Ask the Dentist!

I don’t grind my teeth. Why do you ask?

Every day, I talk with patients that tell me they don’t clench or grind their teeth, but their teeth tell a different story. Tooth chips, cracks and wear are all signs of a destructive habit, most times unknown to the patient. Although there are many causes of tooth wear, I want to share more about clenching and grinding - also called parafunctional habits.

Parafunctional habits are jaw movements that serve no purpose, unlike when we speak or chew.


Teeth clenching, as defined in this article, is the voluntary or involuntary squeezing together of the teeth with force beyond what is needed for normal function. Clenching can be caused by physical or mental stress, poor occlusion (bite), sleep breathing disorders or by the central nervous system (the way people are “wired”). Certain medications will also cause or make clenching worse. Chronic clenching patients will present with very large jaw muscles which may or may not cause regular headaches, thicker bone on the inside and outside of the jaw bone, and a history of tooth fractures or chips. If clenching is the only issue, teeth will usually have very little to no visible wear. On closer exam the surface of the teeth will show numerous surface crack and fracture lines much like the surface of an old porcelain cup. The crack and fracture lines can get deeper and lead to the tooth cracking and breaking.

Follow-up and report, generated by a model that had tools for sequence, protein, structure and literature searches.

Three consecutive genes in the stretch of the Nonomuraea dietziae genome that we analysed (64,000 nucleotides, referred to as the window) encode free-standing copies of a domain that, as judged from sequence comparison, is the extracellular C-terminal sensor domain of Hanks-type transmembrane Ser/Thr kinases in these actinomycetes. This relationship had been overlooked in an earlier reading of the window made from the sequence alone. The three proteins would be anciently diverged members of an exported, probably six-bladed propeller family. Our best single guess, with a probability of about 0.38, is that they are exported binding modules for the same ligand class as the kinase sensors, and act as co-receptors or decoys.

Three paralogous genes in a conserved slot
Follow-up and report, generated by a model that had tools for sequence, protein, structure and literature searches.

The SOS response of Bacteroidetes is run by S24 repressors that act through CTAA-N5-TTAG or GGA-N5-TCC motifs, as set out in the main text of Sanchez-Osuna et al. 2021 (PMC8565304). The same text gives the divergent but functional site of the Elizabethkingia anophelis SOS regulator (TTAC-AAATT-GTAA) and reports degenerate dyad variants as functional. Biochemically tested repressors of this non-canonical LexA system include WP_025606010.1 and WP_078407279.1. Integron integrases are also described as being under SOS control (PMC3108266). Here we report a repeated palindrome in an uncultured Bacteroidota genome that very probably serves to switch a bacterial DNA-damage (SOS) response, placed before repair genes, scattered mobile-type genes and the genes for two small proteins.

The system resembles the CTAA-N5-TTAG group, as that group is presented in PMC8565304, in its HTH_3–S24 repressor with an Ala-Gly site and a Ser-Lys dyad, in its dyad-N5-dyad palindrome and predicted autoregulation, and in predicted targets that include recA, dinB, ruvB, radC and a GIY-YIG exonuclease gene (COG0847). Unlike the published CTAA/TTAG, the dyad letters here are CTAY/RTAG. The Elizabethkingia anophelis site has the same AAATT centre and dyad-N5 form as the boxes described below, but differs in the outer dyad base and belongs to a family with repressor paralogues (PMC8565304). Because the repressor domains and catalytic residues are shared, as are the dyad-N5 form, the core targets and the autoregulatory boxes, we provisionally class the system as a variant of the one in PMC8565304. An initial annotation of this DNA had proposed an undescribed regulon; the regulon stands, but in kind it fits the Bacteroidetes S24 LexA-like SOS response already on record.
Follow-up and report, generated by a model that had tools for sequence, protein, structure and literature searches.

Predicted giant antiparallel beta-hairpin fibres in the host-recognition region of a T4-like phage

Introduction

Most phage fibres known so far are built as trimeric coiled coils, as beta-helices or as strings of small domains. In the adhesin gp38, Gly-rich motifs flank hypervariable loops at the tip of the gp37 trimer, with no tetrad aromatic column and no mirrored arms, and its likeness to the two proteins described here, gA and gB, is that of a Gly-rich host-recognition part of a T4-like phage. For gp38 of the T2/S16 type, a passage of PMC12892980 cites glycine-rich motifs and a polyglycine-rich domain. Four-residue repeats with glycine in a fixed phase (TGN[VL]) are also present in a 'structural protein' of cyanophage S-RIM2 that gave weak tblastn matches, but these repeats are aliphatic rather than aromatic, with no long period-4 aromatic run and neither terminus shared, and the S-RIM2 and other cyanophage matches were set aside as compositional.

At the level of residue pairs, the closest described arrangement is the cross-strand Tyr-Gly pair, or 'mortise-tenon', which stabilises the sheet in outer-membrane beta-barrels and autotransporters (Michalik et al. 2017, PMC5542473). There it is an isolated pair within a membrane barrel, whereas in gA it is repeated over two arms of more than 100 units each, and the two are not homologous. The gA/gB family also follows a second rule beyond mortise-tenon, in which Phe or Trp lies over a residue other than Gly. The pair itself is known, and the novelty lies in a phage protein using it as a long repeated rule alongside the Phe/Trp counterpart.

Unlike clenching, grinding is a much more destructive movement. When patients grind their teeth, the jaw moves excessively from side to side, forward and back. The movement and wear is much more pronounced resulting in teeth that appear flat and short. The signs and symptoms of grinding are very similar to clenching with the exception of visible tooth wear. Grinding can have the same causes as clenching. However, I find it to be more related to central nervous system hyperactivity – or the way someone is “wired.” Interestingly enough, I find these patients often do not complain of jaw pain and headaches as often as patients that clench even though is looks as if they should have pain.


Treatment will depend on the underlying cause of the clenching and grinding. Poor occlusion and bite can be treated braces to improve the way the teeth fit together. Stress can be treated with diet, exercise and in some cases medication. Sleep disorders are treated with CPAP machines or dental devices that stabilize the airway at night. In cases where facial pain and headaches are an issue a dental splint can be made to wear between the teeth to help relax the jaw muscles and protect the teeth from breakage and wear.

If you suffer from anything mentioned in this article give us a call - (225) 926-4203 - or reach out to us for more information.

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